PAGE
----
Augustana Center for Teaching and Learning
Articles available in the April issue of The Teaching Professor
Unique Perspectives on a Shared Classroom Experience
By Dena McMartin and Yvonne Petry, University of Regina, Regina, SK, Canada
In fall 2007 I took my first undergraduate course in about 12 years and in a subject I hadn’t studied since high school. I’m an engineer and I enrolled in one of Dr. Petry’s history courses. We decided to write about this classroom experience from our perspectives—McMartin as a faculty-student and Petry as an instructor with a colleague student in her course.
What Textbook Reading Teaches Students
By Tracey E. Ryan, University of Bridgeport, CT
“Do we really need to buy the textbook? It’s so expensive!” “Can’t you just summarize it for us?” “Would you just tell us what parts will be on the exam?” “It was so long and so boring. I couldn’t get through it!” Quotes like these indicate that many of our students want us to help them with the hard work of extracting difficult material and new vocabulary from their textbooks. They may use the term “boring,” but what they really mean is difficult and time consuming. In turn, we sometimes fall into the trap of summarizing the textbook in our lectures and our PowerPoint presentations. Quotes like these indicate that many of our students want us to help them with the hard work of extracting difficult material and new vocabulary from their textbooks.
Creating a Mindset for Collaboration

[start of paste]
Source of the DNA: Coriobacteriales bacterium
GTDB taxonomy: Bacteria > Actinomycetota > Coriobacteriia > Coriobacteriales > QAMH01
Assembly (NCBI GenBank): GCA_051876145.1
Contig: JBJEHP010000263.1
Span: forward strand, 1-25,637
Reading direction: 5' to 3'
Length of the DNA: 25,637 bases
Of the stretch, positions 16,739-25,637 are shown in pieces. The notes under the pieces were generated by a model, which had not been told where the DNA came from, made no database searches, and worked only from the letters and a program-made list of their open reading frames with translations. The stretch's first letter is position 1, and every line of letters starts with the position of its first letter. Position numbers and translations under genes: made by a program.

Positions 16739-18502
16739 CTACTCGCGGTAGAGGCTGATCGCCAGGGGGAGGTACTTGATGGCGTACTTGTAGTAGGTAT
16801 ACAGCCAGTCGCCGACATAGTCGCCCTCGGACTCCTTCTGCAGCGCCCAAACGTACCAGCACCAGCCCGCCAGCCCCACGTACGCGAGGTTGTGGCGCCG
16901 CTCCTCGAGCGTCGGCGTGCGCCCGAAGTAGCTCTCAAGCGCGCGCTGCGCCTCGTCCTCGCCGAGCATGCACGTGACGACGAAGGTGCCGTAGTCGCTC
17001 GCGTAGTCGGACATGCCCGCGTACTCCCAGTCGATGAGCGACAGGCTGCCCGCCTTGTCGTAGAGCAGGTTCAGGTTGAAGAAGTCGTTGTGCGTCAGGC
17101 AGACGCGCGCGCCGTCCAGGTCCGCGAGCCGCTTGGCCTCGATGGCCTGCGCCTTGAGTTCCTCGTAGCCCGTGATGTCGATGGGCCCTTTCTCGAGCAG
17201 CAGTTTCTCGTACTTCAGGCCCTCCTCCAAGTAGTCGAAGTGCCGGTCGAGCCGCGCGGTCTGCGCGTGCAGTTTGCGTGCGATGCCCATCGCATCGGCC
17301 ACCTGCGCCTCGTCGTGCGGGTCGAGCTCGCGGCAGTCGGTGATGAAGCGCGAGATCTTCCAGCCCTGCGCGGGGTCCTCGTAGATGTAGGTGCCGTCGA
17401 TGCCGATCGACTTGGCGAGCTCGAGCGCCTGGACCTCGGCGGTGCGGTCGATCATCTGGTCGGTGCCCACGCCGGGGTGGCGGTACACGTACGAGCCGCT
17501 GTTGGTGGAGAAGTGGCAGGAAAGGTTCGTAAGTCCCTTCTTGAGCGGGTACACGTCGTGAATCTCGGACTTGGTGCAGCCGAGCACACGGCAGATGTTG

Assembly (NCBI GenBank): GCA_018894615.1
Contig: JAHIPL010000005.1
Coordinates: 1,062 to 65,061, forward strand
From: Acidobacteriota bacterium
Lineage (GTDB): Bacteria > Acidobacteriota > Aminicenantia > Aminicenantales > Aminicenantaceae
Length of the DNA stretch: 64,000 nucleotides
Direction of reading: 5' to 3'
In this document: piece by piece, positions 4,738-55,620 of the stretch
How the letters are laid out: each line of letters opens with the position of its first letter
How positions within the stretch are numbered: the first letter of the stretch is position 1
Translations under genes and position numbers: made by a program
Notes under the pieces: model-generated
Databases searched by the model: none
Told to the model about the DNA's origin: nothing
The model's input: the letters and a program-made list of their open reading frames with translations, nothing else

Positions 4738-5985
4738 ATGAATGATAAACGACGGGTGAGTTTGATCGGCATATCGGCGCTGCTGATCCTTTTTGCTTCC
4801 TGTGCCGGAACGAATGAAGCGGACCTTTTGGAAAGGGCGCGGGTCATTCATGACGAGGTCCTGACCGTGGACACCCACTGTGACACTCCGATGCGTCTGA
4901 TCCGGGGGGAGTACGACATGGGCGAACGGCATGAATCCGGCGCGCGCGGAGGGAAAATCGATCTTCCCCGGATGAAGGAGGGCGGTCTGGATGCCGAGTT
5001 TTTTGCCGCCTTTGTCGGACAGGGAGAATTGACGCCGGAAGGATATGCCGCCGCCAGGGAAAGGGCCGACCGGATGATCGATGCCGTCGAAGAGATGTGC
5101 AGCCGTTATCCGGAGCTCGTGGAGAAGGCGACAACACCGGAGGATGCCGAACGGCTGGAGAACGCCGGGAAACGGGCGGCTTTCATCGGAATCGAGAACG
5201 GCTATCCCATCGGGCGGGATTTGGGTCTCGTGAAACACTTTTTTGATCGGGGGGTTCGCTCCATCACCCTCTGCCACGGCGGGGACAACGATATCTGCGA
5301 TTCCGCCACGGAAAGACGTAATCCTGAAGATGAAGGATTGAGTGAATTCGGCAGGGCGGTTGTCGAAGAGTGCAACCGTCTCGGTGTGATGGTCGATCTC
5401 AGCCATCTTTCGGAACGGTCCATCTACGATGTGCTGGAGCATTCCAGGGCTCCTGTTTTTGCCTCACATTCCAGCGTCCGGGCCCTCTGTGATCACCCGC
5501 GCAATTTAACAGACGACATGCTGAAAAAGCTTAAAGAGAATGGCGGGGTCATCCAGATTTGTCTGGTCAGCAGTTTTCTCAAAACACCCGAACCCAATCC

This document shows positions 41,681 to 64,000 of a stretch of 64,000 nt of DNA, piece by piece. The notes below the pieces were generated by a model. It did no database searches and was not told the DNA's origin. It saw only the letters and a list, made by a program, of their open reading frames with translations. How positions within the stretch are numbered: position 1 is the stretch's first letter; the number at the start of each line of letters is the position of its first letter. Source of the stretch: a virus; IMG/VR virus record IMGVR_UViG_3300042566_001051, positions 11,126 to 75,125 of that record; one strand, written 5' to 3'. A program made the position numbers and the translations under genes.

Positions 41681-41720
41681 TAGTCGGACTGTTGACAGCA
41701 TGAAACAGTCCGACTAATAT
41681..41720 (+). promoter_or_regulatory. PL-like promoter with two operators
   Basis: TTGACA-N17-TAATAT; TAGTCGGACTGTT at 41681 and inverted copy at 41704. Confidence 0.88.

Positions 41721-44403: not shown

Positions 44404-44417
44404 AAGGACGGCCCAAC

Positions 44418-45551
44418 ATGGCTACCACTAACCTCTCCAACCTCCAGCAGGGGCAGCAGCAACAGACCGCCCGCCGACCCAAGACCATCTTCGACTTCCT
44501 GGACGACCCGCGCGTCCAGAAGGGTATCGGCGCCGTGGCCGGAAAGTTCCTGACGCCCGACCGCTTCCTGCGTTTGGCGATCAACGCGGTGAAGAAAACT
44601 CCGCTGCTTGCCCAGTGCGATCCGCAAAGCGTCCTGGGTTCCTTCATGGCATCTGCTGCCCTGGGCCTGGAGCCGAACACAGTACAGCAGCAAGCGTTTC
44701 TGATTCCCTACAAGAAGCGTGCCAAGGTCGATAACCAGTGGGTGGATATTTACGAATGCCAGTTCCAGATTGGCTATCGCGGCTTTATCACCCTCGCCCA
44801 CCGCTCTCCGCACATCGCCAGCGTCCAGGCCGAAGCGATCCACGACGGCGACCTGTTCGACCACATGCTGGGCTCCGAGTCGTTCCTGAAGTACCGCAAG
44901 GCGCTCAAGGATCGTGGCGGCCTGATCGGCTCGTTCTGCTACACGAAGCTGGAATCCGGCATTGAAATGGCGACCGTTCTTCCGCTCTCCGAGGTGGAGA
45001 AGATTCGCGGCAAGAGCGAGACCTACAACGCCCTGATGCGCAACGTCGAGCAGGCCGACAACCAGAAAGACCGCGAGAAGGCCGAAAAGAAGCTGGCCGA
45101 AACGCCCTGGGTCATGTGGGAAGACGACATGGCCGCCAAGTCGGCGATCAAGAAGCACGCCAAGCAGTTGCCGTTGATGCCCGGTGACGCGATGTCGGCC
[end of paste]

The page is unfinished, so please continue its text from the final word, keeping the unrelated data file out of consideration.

By Roxanne Cullen, Ferris State University, Michigan
Because we know that active engagement in collaborative projects can create a synergy among students that often surpasses what can be learned individually, we find ourselves designing assignments that create opportunities for students to collaborate and learn from one another. Also, the ability to work together in teams is a skill needed in today’s workforce. So for many reasons, assignments that foster collaboration have become essential parts of a well-designed course.
How to Conduct a ‘Paper Slam’
By Stephanie Schlitz, Bloomsburg University, PA
Last year, I attended a digital humanities conference at which the highlight was something called a “Poster Slam.” I’d never heard of a “Poster Slam” and had no idea what to expect. It turned out to be a conference session devoted to sharing information about the various posters that would be on display during the poster session.
Sources of Power
Communication educators have taken a well-known typology of power and applied it to teachers. According to this theory-based schematic, individuals exert influence over other individuals based on five different sources of power.
Helping Students Use Their Textbooks More Effectively
By Tiffany F. Culver, Delta State University, and Linda W. Morse, Mississippi State University
Most college students spend little time reading their texts. There’s research to confirm that, but most of us don’t need to look beyond our own classrooms for confirmation. In our case we sampled the undergraduates we teach and they reported that on average they spend 1.88 hours a week reading the required text. The hours reported by first-year students were even less—1.54 hours. Our upperclassmen, primarily educational psychology majors, reported a mean of 2.21 hours each week.
Online Grade Books: Surprising Accomplishments
By Tom Schrand, Philadelphia University, PA
I started using an online grade book (a central feature of any course management system) as a convenience for myself. Here, finally, was a grade book that couldn’t get lost or stolen, and it would be automatically backed up by the IT department every night. The accumulated scores could also be downloaded directly into a spreadsheet for calculation of grades, a shortcut that reduced the possibility of errors. At the same time, however, using an electronic grade book took something that had previously been my private domain and opened it up for every student to inspect. This aspect of the technology challenged me to rethink some of my teaching policies.
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